The American Nurses Association defines nursing as “the protection, promotion, and optimization of health and abilities, prevention of illness and injury, alleviation of suffering through diagnosis and treatment of human response, and advocacy in the care of individuals, families, communities, and populations.” That is a long definition that many RNs will not be able to give you verbatim. However, the professional RN should be able to talk about and say things that are of a very similar nature. The responses between the professional and technical RN will be very different. Most times when I have asked this question, it has stumped many nurses, or was the one they needed the most time to think about before they were able to give their response.

The type of answers you want from a professional RN are statements or an explanation of caring, kindness, ethical, and wholistic care of the entire patient, an understanding that the RN is a professional who is accountable for themselves, and understands that they have a duty to society to place the patient first.

The technical, less desirable answer is when the RN describes their profession as a set of tasks, like medication administration, bathing, assessments, budgets, staffing, or worse yet, someone who assists the physician. While you might expect your RN candidate to do those things and to be competent in those areas, the professional RN understands that. It is a given that part of the professional responsibilities is to carry out tasks and orders, but it is in the manner in which they do it. The technical RN does not understand how to be professional, or worse yet, may not want to be a professional.

Can you teach a technical RN to be professional? I suppose, but only if they are open to it. This is not a simple task they can learn, but a way of being. A professional RN understands their role as a RN, their accountability to the patient and the family, their coworkers, and the organization, and will hold others to the highest standard of patient care.

This type of RN embodies what we want to see in our nurses, like Florence Nightingale. Florence could easily point out the technical nurse. Those who only work as a RN because it’s a good paying, stable job, and where you only have to work three 12-hour shifts; the one who does the minimum to maintain their employment and the minimum to maintain their own education, skills, and professional standards. It is those who do not say anything when another RN or staff member may be jeopardizing patient safety as it’s “not their responsibility” to hold others accountable. Professional RNs do hold each other accountable for quality and safe patient care.

Your next steps:

Recruiters: Have a discussion with your nurse executive on whether this is a question they would like to you ask. Talk with you nurse executive about their nursing philosophy for the organization and how they would like to see RN candidates answer that question.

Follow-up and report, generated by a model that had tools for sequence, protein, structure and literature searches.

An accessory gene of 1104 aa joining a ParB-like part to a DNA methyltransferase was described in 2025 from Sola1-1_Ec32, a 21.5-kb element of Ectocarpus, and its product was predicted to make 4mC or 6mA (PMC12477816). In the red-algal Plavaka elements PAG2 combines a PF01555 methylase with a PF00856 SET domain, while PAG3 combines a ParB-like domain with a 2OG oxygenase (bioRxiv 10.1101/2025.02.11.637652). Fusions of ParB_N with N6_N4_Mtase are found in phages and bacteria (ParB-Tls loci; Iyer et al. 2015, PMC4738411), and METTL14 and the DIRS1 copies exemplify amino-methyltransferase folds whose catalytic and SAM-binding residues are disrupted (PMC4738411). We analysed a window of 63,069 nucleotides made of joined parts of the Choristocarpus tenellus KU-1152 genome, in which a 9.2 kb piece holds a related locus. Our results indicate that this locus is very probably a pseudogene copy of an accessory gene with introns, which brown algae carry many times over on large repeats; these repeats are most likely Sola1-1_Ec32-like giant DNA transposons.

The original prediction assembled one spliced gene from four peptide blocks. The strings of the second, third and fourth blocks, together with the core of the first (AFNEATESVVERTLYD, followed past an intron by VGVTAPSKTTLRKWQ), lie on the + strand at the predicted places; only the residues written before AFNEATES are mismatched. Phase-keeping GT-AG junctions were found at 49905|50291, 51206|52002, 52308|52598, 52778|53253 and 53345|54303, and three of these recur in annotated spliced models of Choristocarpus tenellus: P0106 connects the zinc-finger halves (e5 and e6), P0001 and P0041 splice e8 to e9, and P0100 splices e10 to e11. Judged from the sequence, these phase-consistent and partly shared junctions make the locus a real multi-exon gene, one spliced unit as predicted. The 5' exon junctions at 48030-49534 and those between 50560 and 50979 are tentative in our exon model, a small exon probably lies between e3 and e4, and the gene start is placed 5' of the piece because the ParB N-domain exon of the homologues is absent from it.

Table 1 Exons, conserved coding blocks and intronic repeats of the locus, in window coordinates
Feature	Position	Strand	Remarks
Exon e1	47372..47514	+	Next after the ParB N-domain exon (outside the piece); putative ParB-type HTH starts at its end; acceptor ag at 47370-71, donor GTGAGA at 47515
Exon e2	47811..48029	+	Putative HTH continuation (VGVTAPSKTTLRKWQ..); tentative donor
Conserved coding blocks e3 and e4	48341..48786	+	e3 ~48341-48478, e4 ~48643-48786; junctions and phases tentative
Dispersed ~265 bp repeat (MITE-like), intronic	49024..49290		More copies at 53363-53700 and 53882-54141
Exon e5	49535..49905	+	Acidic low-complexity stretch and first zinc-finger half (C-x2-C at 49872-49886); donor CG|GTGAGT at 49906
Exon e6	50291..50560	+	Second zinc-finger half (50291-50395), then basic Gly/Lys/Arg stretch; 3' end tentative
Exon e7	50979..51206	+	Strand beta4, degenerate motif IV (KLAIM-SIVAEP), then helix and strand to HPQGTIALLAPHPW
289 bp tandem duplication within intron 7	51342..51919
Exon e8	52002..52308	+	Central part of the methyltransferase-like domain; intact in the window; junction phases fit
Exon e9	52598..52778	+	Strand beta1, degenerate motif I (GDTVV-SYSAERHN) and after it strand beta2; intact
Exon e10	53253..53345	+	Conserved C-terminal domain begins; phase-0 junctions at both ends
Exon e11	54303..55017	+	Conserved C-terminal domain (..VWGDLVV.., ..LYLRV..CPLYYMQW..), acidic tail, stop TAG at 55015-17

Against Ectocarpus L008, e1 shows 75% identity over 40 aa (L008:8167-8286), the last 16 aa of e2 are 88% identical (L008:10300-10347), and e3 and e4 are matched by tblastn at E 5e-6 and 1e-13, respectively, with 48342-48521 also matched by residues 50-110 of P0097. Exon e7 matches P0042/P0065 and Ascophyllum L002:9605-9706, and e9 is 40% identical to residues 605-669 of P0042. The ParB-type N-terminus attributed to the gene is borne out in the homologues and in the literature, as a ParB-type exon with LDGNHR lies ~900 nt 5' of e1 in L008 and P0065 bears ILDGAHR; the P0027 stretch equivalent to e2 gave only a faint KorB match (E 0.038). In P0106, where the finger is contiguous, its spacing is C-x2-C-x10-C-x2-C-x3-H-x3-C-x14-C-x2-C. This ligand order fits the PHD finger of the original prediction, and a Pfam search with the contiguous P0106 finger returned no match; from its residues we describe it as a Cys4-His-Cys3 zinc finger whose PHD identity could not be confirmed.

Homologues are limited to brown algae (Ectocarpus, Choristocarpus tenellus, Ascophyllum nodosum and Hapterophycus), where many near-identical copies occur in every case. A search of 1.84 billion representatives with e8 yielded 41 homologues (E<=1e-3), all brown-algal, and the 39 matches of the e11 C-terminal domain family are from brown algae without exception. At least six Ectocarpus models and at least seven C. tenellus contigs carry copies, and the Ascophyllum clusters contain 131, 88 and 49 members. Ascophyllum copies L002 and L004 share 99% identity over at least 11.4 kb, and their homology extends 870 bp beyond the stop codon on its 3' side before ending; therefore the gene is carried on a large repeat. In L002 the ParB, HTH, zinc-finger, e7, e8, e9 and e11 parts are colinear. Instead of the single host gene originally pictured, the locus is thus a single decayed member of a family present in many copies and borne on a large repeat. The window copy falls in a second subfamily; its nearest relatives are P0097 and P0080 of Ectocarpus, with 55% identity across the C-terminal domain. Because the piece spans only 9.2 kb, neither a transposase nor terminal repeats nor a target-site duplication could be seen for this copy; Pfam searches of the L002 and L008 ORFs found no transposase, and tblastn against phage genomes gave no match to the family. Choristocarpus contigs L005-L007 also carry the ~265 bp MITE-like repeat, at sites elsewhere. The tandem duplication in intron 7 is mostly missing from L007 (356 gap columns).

Nurse managers: What is your philosophy about nursing? Can you articulate it and share with your recruiters so that the right candidates could be screened early in the process? Even if used in the early stages of recruitment,  still include this question in the onsite interview process with the candidate and yourself or the team. Ensure your team who maybe interviewing the RN candidate understands this question and the type of response you want.

As organizations struggle to improve quality measures and patient satisfaction, which type of RN do you want on your team? The professional RN will help your organization obtain success in these areas. If an RN can give you a professional-based answer for the definition of nursing, you are halfway there in choosing the right candidate for your patients and organization.

Topics: nursing student, nursing, nurses, career, nursing career

Adrian Espinosa is part of a still extremely small but growing trend in nursing. He’s a man.

Posted by Wilson Nunnari

Mon, Mar 18, 2013 @ 10:46 AM

Adrian Espinosa is part of a still extremely small but growing trend in nursing. He’s a man.

Espinosa, now a student at the University of San Francisco School of Nursing, said he quickly became aware that he is a man in a field that continues to be dominated by women.

“From the first day I started nursing school last year, as one of seven males in a class of 77, I realized that I would have to find my fit in a predominately female profession,” Espinosa said. His goal is to become a nurse practitioner “to fulfill a huge gap in primary care for under-represented populations.”

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 In a 2012 essay written for the American Assembly for Men in Nursing Scholarship, Espinosa said his route to his chosen career was anything but direct.